May 10, 2017 / 7:56 AM / 2 years ago

Austria's Voestalpine says Texas plant cost more than $1 billion

The logo of Austrian specialty steel maker Voestalpine is seen on top of its headquarters in Linz, Austria September 7, 2016. Picture taken September 7, 2016. REUTERS/Heinz-Peter Bader

VIENNA (Reuters) - Steelmaker Voestalpine (VOES.VI) said on Wednesday the final cost of its direct reduction plant in the United States amounted to $1.012 billion (929 million euros), more than the $990 million estimated at the beginning of the year.

The Austrian group in 2013 announced plans to invest 550 million euros in the state-of-the-art plant in Corpus Christi, Texas, its largest foreign investment so far.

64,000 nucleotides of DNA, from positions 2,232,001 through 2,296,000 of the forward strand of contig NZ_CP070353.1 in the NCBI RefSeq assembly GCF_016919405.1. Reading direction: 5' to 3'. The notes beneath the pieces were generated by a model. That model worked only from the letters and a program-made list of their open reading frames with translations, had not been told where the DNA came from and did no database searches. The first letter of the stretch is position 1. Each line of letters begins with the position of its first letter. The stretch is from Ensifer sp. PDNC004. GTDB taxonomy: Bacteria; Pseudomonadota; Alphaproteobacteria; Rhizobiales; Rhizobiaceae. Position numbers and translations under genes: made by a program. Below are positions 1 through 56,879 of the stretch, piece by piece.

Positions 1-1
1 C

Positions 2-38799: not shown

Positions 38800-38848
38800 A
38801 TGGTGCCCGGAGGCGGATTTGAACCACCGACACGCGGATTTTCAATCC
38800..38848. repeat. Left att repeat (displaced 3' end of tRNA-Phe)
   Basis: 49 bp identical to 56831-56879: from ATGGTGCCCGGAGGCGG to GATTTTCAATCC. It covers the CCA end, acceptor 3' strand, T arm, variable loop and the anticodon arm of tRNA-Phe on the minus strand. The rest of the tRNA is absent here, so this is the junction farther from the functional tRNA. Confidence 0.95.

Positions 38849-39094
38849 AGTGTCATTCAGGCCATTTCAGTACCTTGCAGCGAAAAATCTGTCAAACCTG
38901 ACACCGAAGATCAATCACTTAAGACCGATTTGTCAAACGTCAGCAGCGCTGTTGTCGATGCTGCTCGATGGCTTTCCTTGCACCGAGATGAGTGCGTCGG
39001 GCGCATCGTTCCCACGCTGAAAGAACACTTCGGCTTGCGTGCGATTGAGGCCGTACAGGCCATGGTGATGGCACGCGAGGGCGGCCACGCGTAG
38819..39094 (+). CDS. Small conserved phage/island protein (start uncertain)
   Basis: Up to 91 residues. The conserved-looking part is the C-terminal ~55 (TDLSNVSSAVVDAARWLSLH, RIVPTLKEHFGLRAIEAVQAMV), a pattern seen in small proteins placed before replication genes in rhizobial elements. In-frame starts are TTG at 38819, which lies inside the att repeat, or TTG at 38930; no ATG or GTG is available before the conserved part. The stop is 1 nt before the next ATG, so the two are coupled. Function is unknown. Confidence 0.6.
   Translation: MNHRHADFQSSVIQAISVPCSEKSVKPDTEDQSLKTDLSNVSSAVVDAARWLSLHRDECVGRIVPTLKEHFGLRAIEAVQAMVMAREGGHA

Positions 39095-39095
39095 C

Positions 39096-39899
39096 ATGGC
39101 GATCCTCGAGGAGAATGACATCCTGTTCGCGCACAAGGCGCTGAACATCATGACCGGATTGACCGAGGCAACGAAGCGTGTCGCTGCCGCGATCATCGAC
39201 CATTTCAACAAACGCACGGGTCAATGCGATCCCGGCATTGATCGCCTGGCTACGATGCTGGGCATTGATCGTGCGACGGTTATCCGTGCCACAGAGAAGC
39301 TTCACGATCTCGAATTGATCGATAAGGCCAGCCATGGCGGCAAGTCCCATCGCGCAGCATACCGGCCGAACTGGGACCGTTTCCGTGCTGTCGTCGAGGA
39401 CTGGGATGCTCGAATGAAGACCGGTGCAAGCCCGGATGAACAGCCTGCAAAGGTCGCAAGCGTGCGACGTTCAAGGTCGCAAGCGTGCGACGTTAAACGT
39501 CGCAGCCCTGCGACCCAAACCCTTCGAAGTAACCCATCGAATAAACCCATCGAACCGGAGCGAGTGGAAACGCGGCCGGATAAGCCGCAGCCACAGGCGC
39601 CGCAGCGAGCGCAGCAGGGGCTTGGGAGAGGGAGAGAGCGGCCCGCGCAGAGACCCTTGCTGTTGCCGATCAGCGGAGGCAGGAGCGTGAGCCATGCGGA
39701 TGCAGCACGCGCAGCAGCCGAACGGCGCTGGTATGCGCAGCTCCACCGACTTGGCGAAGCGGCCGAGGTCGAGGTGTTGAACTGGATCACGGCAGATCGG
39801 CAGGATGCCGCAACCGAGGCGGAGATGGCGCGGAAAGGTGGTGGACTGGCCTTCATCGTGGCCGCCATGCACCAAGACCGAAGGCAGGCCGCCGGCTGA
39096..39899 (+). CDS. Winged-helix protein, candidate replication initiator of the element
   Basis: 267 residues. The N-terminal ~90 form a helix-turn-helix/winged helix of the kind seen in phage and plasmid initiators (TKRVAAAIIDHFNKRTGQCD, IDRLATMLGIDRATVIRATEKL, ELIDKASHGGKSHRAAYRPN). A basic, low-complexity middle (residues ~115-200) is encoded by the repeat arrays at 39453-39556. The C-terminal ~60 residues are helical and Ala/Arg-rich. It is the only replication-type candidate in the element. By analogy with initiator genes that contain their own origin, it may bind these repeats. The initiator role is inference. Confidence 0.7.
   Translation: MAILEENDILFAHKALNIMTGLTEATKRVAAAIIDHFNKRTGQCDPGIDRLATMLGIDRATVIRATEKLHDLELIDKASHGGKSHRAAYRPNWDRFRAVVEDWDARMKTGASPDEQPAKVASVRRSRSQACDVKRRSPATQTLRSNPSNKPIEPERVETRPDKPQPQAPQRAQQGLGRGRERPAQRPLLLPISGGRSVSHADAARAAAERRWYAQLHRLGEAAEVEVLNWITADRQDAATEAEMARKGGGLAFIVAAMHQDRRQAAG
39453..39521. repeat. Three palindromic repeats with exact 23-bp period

In January, it said the cost of the plant would rise to about $990 million. That prompted Austria’s Financial Market Authority (FMA) to investigate whether Voestalpine had complied with a requirement to immediately publish information relevant to its share price. The FMA found no wrongdoing.

“The increase in investment expenditure is essentially due to delays caused by a longer period of critical weather conditions during the first phase of the project, significant cost inflation as a result of the unforeseen construction boom in the Corpus Christi area starting 2014, as well as additional investments, technical optimization, and environmental measures,” the company said in a statement.

Reporting by Kirsti Knolle; editing by Francois Murphy

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